It was in January of 2013 that Joshua Tree resident Tom O’Key discovered a baited and set bobcat trap as it sat camouflaged beneath a jojoba shrub on his private property. Within 24 hours the wheels were set in motion and a sleeping giant began to stir. Phone calls were made, the sheriff was notified and the objectionable trap was delivered to a local newspaper where the trapper was instructed to retrieve it. Upon retrieval of the trap, a local man was questioned by the Hi-Desert Star newspaper which reported that he spoke of setting 30 traps and nabbing five bobcats in a single night.
This story originally appeared in a past issue of Dezert magazine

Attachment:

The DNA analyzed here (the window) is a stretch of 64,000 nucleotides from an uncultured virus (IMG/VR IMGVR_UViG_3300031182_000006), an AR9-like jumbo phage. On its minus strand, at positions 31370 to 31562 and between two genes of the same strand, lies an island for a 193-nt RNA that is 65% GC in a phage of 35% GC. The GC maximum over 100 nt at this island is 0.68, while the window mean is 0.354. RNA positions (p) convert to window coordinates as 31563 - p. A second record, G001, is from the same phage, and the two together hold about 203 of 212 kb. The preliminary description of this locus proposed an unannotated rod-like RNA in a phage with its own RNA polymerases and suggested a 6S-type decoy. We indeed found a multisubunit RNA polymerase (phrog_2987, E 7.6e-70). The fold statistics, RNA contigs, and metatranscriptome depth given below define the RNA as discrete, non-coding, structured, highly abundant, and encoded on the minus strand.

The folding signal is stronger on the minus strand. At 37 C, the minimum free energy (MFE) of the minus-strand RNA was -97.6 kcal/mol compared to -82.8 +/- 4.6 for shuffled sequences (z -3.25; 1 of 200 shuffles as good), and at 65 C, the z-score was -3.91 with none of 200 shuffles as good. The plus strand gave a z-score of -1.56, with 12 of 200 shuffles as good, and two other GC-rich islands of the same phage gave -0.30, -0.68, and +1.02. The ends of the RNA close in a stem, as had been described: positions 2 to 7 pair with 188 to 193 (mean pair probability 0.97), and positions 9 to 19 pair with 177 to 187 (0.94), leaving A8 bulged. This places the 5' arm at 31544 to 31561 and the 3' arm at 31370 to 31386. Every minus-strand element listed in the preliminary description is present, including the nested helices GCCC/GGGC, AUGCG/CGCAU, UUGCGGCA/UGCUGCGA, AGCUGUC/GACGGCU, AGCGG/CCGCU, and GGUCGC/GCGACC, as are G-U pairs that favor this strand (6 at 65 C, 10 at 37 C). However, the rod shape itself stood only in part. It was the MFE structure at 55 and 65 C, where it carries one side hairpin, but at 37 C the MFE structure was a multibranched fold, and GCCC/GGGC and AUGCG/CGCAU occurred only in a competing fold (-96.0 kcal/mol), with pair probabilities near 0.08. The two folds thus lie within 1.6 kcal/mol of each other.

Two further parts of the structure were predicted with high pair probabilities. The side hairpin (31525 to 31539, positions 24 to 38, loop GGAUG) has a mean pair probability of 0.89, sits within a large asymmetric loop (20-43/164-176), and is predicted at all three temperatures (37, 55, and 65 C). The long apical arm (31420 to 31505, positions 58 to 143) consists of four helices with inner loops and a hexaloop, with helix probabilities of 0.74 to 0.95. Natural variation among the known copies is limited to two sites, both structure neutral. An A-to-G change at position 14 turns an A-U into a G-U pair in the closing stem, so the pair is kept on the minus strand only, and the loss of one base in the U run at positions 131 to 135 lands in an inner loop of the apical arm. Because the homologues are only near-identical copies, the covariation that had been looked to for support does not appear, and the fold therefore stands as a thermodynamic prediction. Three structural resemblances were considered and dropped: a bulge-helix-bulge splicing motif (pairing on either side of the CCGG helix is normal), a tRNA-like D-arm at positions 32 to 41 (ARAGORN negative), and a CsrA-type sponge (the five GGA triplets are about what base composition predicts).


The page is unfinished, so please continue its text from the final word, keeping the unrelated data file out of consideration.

The idea that someone could trespass on to another’s private property for the purpose of setting a trap to catch and kill a beloved bobcat near the boundary of Joshua Tree national Park infuriated residents of Joshua Tree and the Morongo Basin. It was at this point that the basin community realized that a line had been crossed. Bobcat advocate Annica Kreuter had been monitoring the activities of bobcats visiting her property along the boundary of the national park for nearly 10 years. She had noted that seven of eight cats had not been seen of late and conferred with neighbor Brendan Cummings who is senior council for the Center for Biological Diversity (a national non-profit organization). Before long, a group of concerned conservationists and wildlife supporters convened in Joshua Tree and a “Project Bobcat” committee was formed to protect the targeted bobcats and put an end to the legal trapping of “unlimited” numbers of bobcats during the November 24 to January 31 trapping season.